After the abrupt and traumatic events in 1973, the escalation emotionally and psychologically of my world view was the perfect vehicle to launch my intense interest in photography, and it clearly fed the fervor of my investigations into the world within me to such a degree, that almost every important moment of those times required me to record that urgency in every way at my disposal.

The depth of my understanding of the world, and my awareness of the extent to which spirituality would eventually direct the course of my life, prior to my awakening in the autumn of 1973 in Massachusetts, was so limited and incomplete, it hardly seems possible that such an expansion of my artistic and spiritual senses could even have taken place without some drastic change or pivotal event.

Whatever indications there were in my personal photographic evidence, and in the products of my various artistic endeavors up to that point, none of them apparently penetrated sufficiently into my daily waking states of consciousness to provide the necessary spark of creativity that would press me toward my destiny.

***more to come***

The Brain is not the Mind

After decades of research and contemplation by a host of experts in the fields of neuroscience and cognitive studies, as well as the intense efforts of many philosophers and scientists from various schools of thought, coming to terms with and attempting to fully comprehend the complex nature of human consciousness still engages some of the best minds of our day. Recent attempts to predict the outcome of merely producing artificially, a sufficient collection of simulated neuronal connections, and attributing the whole character of our human version of subjective experience to that achievement, are now stirring speculation about technological advancements in reproducing a “conscious” virtual brain architecture.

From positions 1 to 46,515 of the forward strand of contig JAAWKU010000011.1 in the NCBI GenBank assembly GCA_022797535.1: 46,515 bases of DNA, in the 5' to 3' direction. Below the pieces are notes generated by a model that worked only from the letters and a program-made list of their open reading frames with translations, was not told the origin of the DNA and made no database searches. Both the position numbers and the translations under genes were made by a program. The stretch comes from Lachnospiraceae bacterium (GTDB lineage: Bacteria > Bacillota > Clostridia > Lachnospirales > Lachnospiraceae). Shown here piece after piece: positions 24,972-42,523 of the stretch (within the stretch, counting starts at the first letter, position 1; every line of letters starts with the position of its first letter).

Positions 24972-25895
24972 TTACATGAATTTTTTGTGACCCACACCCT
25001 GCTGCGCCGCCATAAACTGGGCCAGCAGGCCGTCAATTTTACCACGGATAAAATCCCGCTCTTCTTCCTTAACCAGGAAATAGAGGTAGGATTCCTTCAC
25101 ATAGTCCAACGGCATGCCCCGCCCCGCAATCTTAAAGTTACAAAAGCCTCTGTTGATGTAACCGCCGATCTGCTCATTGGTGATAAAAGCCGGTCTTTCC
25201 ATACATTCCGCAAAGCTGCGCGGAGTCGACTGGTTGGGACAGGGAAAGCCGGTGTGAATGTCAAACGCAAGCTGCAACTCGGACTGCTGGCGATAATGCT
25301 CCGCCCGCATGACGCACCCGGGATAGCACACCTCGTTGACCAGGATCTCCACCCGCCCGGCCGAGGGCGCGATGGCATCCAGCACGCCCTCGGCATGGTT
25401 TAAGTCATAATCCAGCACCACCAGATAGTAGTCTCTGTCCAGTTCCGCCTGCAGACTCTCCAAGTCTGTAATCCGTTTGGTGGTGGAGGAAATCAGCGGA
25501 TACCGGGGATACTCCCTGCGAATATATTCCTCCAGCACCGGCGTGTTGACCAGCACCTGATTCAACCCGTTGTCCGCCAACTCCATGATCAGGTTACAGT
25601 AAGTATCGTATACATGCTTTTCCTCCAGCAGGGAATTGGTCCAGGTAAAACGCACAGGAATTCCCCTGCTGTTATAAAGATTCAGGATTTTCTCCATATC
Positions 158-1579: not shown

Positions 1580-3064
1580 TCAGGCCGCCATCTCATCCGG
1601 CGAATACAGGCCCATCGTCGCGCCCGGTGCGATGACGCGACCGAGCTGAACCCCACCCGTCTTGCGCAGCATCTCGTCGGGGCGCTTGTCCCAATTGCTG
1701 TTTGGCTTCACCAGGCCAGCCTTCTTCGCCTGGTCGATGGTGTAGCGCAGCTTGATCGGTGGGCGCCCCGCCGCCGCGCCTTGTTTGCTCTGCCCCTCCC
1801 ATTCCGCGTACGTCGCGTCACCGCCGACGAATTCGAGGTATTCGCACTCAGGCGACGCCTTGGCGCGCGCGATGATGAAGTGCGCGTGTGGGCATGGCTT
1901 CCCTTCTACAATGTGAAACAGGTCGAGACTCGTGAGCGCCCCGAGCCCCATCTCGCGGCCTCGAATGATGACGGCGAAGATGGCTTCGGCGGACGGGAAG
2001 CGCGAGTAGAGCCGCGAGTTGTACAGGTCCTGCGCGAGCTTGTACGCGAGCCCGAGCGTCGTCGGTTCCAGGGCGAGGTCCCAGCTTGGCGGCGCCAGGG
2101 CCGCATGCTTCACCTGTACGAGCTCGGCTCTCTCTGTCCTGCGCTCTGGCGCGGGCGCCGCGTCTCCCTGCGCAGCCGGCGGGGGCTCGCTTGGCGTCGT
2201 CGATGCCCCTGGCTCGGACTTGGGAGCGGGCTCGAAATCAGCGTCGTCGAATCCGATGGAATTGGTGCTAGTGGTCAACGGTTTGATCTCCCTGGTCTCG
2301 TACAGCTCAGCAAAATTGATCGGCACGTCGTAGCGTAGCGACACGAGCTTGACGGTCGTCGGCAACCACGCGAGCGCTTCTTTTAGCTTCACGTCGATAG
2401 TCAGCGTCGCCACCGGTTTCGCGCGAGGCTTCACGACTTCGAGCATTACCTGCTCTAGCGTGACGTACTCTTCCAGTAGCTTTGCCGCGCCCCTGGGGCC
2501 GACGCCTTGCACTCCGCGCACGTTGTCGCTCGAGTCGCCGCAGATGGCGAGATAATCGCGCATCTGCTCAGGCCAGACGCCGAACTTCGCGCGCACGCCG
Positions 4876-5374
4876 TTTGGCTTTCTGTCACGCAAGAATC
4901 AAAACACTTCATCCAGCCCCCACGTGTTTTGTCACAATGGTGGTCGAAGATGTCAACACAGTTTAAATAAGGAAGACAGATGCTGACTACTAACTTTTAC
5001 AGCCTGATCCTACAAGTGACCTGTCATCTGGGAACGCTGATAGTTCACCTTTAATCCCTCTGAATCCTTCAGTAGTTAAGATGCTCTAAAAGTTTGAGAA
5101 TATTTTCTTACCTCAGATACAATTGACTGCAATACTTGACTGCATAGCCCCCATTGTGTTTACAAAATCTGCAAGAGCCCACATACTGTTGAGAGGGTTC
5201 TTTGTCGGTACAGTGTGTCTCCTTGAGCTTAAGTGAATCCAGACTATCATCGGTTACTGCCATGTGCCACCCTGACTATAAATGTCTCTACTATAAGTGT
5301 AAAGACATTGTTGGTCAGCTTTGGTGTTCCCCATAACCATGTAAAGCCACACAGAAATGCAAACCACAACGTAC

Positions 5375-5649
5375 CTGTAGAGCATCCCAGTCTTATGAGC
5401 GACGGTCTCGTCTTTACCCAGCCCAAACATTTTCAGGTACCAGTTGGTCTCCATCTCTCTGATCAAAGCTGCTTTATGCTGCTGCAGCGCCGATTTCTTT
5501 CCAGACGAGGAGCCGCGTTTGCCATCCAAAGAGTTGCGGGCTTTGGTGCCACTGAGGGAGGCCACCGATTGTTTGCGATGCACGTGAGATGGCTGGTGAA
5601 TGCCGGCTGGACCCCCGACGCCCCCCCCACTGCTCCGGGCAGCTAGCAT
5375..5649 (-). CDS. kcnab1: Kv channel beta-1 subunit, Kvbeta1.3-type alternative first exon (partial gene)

In the Review section of September 14, 2019, in a Wall Street Journal article entitled, “Will Your Uploaded Mind Still Be You?,” Dr. Michael Graziano, a professor of Psychology and Neuroscience at Princeton University, wrote in an excerpt from his recent book, “Rethinking Consciousness: A Scientific Theory of Subjective Experience,” that we will one day be able to scan a human brain and “migrate the essentials of your mind to a computer.” He describes it as “mind uploading—preserving a person’s consciousness in a digital afterlife.”

He goes on to speculate that the technologies needed to perform the task of “simulating a brain with 86 billion neurons is a little beyond current technology,” but that it won’t be for long. But the next part, the technology for actually “uploading,” a mind to a machine, he admits, “doesn’t yet exist,” and that he wouldn’t be surprised “if it took centuries.”

These efforts to reproduce a “virtual mind,” are based on the premise that the only reason human beings possess access to and subjectively experience their own consciousness is because the brain has sufficient complexity in architecture, and a sufficient accumulation of neuronal connections.

Speculation about being able to “upload” an existing human “mind” to some sort of artificial construct, not only flies in the face of common sense, but seriously underestimates the full nature of why we experience our existence subjectively, and what might possibly account for “what-it’s-like” to be human.

Sometimes described as the difficulty in explaining the “mind/body connection,” or “the hard problem” of explaining consciousness,” the richly-textured, multifaceted, and highly complex processes that constitute the creation of a human mind, and the relationship between our physical systems and our experience of consciousness, have eluded our understanding precisely because every attempt to explain consciousness through our physical systems alone falls short, by eliminating any contribution which includes immaterial components.